In recent years, we have heard Democrats claim that “for every dollar a person receives in food stamps…$1.79 is put back into the economy;” that unemployment benefits and food stamps “are two things that are the most stimulative that you can do;” that they are “the biggest bang for the buck.” (Democratic Reps. Nancy Pelosi and Steny Hoyer).

I guess I’m just old-fashion then. I still believe that there’s nothing more powerful – nothing more “stimulative” – than capitalism; than work; than establishing the principle that people should be allowed to keep what they earn.

Democrats have let it be known that they believe in growing the economy “from the bottom-up” and “from the middle-out” – no doubt, expressions that are intended to flatter those at the “bottom” and in the “middle.” At the end of the day, however, they are merely euphemistic for liberals’ reverence for government provision and their distaste for easing up on job creators.

In July of 2012, Fox News’ Bill O’Reilly reminded former Rep. Dennis Kucinich (D) during an interview that “the economy did revive” after Ronald Reagan drastically cut taxes for America’s highest income earners. Because this was similar to the plan being proposed by Mitt Romney and the Republicans at the time, O’Reilly asked Kucinich, “Do you see that as a failure?”

“If it’s gonna accelerate wealth to the top in this country using a tax structure to do it,” Kucinich responded, “that’s wrong cuz it’s unfair. That’s not American.”

It’s not fair for successful people to be allowed to keep their own earnings. It’s not fair for poor people to have to work – particularly if wealthier individuals are simultaneously increasing their own holdings. To the modern Democrat, this would not be “American.”

Obama had a similar moment in 2008. Obama was informed during a Democratic presidential debate that “when the [capital gains tax] rate dropped [in the 1990s], revenues from the tax increased. The government took in more money. And in the 1980s, when the tax was increased to 28%, the revenues went down.” The moderator went on to ask, “So why raise it at all?” Obama’s response was that he “would look at raising the capital gains tax for purposes of fairness.”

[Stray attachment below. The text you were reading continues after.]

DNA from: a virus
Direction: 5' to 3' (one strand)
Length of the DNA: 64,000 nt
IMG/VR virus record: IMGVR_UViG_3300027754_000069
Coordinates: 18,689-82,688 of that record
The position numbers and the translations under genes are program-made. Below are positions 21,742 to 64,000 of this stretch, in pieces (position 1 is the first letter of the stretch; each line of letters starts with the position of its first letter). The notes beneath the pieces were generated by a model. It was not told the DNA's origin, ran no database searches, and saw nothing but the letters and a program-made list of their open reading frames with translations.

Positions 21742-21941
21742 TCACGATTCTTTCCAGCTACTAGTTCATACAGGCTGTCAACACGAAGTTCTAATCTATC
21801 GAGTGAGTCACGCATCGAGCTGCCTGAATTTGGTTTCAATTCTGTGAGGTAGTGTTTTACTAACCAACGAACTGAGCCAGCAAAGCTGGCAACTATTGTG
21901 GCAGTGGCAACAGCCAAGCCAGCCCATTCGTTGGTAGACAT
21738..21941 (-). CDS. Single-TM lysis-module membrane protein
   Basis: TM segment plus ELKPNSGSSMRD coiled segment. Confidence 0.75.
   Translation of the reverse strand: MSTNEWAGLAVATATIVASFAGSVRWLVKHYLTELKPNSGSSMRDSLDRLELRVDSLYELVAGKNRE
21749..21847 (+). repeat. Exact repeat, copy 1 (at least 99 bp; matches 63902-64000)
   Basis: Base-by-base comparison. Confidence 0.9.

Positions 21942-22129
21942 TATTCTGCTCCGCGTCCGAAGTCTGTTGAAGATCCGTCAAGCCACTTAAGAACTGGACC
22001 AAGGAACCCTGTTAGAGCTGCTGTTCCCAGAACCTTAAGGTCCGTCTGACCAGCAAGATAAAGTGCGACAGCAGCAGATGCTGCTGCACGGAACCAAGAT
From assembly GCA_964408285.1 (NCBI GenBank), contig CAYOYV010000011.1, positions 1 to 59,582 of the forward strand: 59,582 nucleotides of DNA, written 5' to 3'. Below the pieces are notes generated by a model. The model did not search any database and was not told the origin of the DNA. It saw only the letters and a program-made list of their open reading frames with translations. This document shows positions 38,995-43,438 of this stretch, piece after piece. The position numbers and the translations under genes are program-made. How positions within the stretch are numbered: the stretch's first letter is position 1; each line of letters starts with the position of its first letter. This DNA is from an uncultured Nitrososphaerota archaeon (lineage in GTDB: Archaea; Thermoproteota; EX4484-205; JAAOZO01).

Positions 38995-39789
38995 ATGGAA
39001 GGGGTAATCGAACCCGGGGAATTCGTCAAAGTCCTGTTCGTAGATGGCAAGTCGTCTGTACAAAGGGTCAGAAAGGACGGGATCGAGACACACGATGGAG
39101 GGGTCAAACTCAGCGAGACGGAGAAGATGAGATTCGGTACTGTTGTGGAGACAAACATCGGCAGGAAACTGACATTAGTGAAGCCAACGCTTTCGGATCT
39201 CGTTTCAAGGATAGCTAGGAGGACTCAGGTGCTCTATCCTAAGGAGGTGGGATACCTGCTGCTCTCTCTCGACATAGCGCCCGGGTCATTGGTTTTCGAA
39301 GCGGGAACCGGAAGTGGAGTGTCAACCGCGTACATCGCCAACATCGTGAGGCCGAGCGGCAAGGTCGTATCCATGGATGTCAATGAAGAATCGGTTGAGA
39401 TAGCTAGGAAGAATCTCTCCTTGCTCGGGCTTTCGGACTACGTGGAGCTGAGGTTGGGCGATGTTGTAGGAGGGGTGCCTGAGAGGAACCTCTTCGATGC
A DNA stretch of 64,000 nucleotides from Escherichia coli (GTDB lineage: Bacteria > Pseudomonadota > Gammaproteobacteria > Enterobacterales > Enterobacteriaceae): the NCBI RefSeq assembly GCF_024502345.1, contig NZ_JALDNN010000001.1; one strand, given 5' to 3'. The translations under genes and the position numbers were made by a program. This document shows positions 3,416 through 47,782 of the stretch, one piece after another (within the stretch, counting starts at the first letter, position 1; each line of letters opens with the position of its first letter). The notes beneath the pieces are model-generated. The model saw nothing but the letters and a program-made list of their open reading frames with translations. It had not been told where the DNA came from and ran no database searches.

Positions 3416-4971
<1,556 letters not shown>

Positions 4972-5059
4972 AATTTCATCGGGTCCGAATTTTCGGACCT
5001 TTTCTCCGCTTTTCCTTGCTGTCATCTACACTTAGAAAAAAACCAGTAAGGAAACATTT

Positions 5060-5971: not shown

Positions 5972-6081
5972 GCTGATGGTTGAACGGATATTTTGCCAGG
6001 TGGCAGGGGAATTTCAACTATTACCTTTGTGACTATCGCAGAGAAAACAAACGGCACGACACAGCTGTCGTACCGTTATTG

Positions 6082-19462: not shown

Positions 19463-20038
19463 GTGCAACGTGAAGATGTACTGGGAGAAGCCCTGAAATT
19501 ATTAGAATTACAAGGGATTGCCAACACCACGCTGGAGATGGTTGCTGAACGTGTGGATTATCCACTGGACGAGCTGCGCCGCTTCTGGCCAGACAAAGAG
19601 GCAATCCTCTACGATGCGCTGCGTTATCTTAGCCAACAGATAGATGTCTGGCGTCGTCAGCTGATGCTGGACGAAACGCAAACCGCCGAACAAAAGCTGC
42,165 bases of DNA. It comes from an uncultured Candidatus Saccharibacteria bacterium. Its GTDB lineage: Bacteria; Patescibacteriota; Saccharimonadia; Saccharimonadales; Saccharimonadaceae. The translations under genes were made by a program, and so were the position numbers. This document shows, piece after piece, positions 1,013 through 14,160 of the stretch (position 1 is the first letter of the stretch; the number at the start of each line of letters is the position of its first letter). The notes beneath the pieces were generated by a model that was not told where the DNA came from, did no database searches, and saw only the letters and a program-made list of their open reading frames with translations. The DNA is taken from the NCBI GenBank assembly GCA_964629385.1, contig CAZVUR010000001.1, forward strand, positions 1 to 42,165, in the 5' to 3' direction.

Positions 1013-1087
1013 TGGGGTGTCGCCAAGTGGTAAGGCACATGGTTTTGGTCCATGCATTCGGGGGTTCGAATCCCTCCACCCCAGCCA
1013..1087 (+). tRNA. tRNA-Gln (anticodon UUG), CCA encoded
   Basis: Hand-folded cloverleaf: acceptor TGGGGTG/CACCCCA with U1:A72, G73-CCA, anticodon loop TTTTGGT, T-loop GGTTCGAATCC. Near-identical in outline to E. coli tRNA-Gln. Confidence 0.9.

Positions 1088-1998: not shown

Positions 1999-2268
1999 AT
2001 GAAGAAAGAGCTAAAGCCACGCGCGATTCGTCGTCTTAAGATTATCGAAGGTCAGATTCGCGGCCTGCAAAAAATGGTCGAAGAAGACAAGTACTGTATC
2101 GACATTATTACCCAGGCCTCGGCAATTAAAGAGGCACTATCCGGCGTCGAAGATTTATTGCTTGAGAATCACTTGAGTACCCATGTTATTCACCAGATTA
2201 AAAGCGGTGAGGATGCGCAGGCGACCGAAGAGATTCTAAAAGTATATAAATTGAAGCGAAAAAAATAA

Behold, the Democrats’ philosophical impediment from actually desiring an economic recovery! Oh no ya don’t. Don’t you dare. Not if the rich guy’s gonna benefit, too!

Modern Democrats don’t necessarily disagree with John F. Kennedy’s explanation that a “rising tide lifts all boats.” It’s just that they can’t stand such imagery anymore. That’s how much they hate rich people – the glorious icons of capitalism.

Remaining loyal to their party’s philosophy, this week President Obama called Reed’s bill an “urgent economic priority” while Reed referred to it as “a significant part” of an economic recovery – that is, Reed’s ability to take Rhode Island tax dollars down to the Capital, and then bring some back.

Oh, my hero.

Moreover, these are the people who snicker and scoff at the idea that they are “socialists” – even as they openly attempt to foster an economy with other people’s industry.

It is clear, however, that, for Democrats, welfare is no longer about a mere concern for the desperate and downtrodden. Welfare has become a crucial component to their economic design.

Travis Rowley (TravisRowley.com) is the author of The RI Republican: An Indictment of the Rhode Island Left.